Major benchmarks were mixed on Wednesday after the U.S. Department of Justice unveiled a broad antitrust review of the business practices of unnamed "leading online platforms" in the internet search, social media, and retail services segments. The Dow Jones Industrial Average (DJINDICES:^DJI) lost about 0.3%, while the S&P 500 (SNPINDEX:^GSPC) notched a record high.

Today's stock market

Index Percentage Change Point Change
Dow (0.29%) (79.22)
S&P 500 0.47% 14.09

Data source: Yahoo! Finance.

As for individual stocks, disparate quarterly earnings reports left shares of Caterpillar (NYSE:CAT) and Texas Instruments (NASDAQ:TXN) moving in directions.

Stock market charts and numbers, green indicating gains on left, red indicating losses on right.

Image source: Getty Images.

Caterpillar's growth slows to a crawl

Shares of Caterpillar fell 4.5% after the heavy equipment manufacturer announced weaker-than-expected second-quarter 2019 results and tempered its full-year earnings guidance. 

Quarterly revenue climbed 3% year over year to $14.43 billion, translating into a 5.1% decline in profit to $1.62 billion. Thanks to stock repurchases over the past year, however, Caterpillar's per-share profit increased by $0.01 to $2.83. Analysts, on average, were expecting earnings of $3.12 per share on slightly higher revenue.

In part, the company blamed its shortfall on a combination of unfavorable product mix within the energy and transportation and construction industries, as well as higher material costs including the impact of tariffs.

Looking to the full year, Caterpillar also told investors it now expects its per-share profit to be at the lower end of its previous guidance range of $12.06 to $13.06.

Texas Instruments' quarter adds up to an earnings beat

Meanwhile, Texas Instruments stock jumped 7.4% after the semiconductor company released stronger-than-expected quarterly results -- though that's not to say TI's performance looked good at first glance. Second-quarter revenue dropped 8.7% year over year to $3.668 billion, including a 6% decline from its analog segment and a 16% drop in embedded processing product sales. On the bottom line, that translated into a 7% decrease in net income to $1.305 billion and -- again thanks to repurchases -- a more modest 3% decline in per-share earnings to $1.36.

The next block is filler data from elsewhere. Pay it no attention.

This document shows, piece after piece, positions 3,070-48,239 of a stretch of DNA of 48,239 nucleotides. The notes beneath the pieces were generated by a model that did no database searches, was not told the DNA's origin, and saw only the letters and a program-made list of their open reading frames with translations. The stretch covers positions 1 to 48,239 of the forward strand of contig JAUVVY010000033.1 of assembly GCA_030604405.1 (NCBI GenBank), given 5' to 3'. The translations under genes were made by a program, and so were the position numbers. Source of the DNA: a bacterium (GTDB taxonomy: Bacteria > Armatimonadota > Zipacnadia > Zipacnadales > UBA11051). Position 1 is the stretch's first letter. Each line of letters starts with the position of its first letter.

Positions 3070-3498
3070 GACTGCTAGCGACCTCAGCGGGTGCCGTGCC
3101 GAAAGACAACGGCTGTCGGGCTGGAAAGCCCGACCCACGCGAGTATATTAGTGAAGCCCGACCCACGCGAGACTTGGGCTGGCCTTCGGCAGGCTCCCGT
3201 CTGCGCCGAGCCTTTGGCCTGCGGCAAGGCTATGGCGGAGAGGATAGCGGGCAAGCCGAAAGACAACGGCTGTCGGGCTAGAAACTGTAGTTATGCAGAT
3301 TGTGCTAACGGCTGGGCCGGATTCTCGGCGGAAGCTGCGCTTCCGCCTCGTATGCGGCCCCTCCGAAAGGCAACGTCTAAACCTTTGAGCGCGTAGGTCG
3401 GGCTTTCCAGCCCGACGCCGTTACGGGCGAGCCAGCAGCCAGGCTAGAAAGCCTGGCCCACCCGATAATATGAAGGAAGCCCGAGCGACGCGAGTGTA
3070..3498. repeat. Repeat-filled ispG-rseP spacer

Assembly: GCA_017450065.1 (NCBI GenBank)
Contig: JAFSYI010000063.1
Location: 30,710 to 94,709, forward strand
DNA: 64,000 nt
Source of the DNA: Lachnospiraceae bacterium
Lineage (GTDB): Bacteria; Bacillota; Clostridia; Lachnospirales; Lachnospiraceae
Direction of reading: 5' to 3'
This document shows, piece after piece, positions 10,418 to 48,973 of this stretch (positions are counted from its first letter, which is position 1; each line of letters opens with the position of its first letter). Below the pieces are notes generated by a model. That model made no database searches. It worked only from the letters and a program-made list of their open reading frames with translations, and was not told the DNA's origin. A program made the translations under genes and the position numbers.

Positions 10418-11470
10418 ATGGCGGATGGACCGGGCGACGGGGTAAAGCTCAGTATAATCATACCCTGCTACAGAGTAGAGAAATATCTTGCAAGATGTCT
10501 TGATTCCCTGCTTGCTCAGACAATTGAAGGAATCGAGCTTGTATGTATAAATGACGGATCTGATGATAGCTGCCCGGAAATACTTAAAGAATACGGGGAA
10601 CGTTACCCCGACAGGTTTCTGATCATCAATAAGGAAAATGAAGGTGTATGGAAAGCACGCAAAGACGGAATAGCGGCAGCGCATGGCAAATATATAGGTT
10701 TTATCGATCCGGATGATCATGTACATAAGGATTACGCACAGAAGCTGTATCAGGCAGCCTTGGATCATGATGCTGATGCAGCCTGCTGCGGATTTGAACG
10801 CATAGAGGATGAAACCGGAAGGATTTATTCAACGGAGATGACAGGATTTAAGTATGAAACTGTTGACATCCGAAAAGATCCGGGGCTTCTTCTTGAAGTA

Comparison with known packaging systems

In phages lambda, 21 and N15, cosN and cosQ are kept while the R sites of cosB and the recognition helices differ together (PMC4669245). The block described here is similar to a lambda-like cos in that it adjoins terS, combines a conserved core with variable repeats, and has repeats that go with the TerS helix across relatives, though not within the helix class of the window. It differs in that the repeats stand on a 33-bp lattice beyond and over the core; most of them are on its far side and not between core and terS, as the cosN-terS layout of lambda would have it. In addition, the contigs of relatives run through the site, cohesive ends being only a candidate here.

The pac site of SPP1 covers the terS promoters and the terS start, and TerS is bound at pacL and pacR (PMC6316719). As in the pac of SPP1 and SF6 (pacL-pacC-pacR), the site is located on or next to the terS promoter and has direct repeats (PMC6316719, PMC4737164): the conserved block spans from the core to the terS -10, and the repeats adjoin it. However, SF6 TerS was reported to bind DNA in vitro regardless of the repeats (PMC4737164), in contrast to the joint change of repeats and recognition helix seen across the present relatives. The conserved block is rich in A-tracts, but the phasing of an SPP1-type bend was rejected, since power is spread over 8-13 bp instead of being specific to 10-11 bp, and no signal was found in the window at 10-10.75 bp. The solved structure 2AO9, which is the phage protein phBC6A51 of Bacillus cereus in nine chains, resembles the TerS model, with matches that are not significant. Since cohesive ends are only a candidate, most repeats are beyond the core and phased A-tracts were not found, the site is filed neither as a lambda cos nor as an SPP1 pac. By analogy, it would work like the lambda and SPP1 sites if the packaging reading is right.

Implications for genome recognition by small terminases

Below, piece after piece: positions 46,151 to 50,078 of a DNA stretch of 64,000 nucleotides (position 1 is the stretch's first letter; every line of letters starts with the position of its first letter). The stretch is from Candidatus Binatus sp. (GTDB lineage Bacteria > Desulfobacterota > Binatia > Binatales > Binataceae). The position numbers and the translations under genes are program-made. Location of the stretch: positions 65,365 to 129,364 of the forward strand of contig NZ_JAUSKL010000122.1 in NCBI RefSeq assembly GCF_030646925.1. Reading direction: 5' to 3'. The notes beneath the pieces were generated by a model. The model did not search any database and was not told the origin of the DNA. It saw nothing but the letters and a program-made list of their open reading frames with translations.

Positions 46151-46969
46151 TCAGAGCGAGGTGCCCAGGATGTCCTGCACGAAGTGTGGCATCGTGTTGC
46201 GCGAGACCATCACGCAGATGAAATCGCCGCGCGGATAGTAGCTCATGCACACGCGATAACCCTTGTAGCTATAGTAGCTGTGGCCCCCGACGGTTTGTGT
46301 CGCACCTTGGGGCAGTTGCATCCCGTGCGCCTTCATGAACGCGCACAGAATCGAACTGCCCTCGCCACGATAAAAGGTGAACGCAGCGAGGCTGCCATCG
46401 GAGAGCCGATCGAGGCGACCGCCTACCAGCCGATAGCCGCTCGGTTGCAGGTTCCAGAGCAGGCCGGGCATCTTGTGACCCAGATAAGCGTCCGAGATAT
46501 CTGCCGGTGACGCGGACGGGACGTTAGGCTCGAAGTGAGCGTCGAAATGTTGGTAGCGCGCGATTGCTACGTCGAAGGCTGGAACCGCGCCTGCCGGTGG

Most analysts were only expecting earnings of $1.22 per share on revenue of $3.6 billion.

In keeping with Texas Instruments' goal of dedicating all free cash flow to capital returns, Chairman and CEO Rich Templeton noted the company has returned a whopping $8 billion to shareholders over the past year through stock repurchases and dividends.

For the third quarter, Texas Instruments sees revenue ranging from $3.65 billion to $3.95 billion -- down from $4.26 billion a year earlier -- with earnings per share between $1.31 and $1.53. Relative to the midpoints of those ranges, consensus estimates predicted slightly lower per-share earnings of $1.38 on somewhat higher revenue of $3.83 billion.

Given the company's relative outperformance to end the first half, however, it's hardly surprising that Texas Instruments shares rallied today.

This article represents the opinion of the writer, who may disagree with the “official” recommendation position of a Motley Fool premium advisory service. We’re motley! Questioning an investing thesis -- even one of our own -- helps us all think critically about investing and make decisions that help us become smarter, happier, and richer.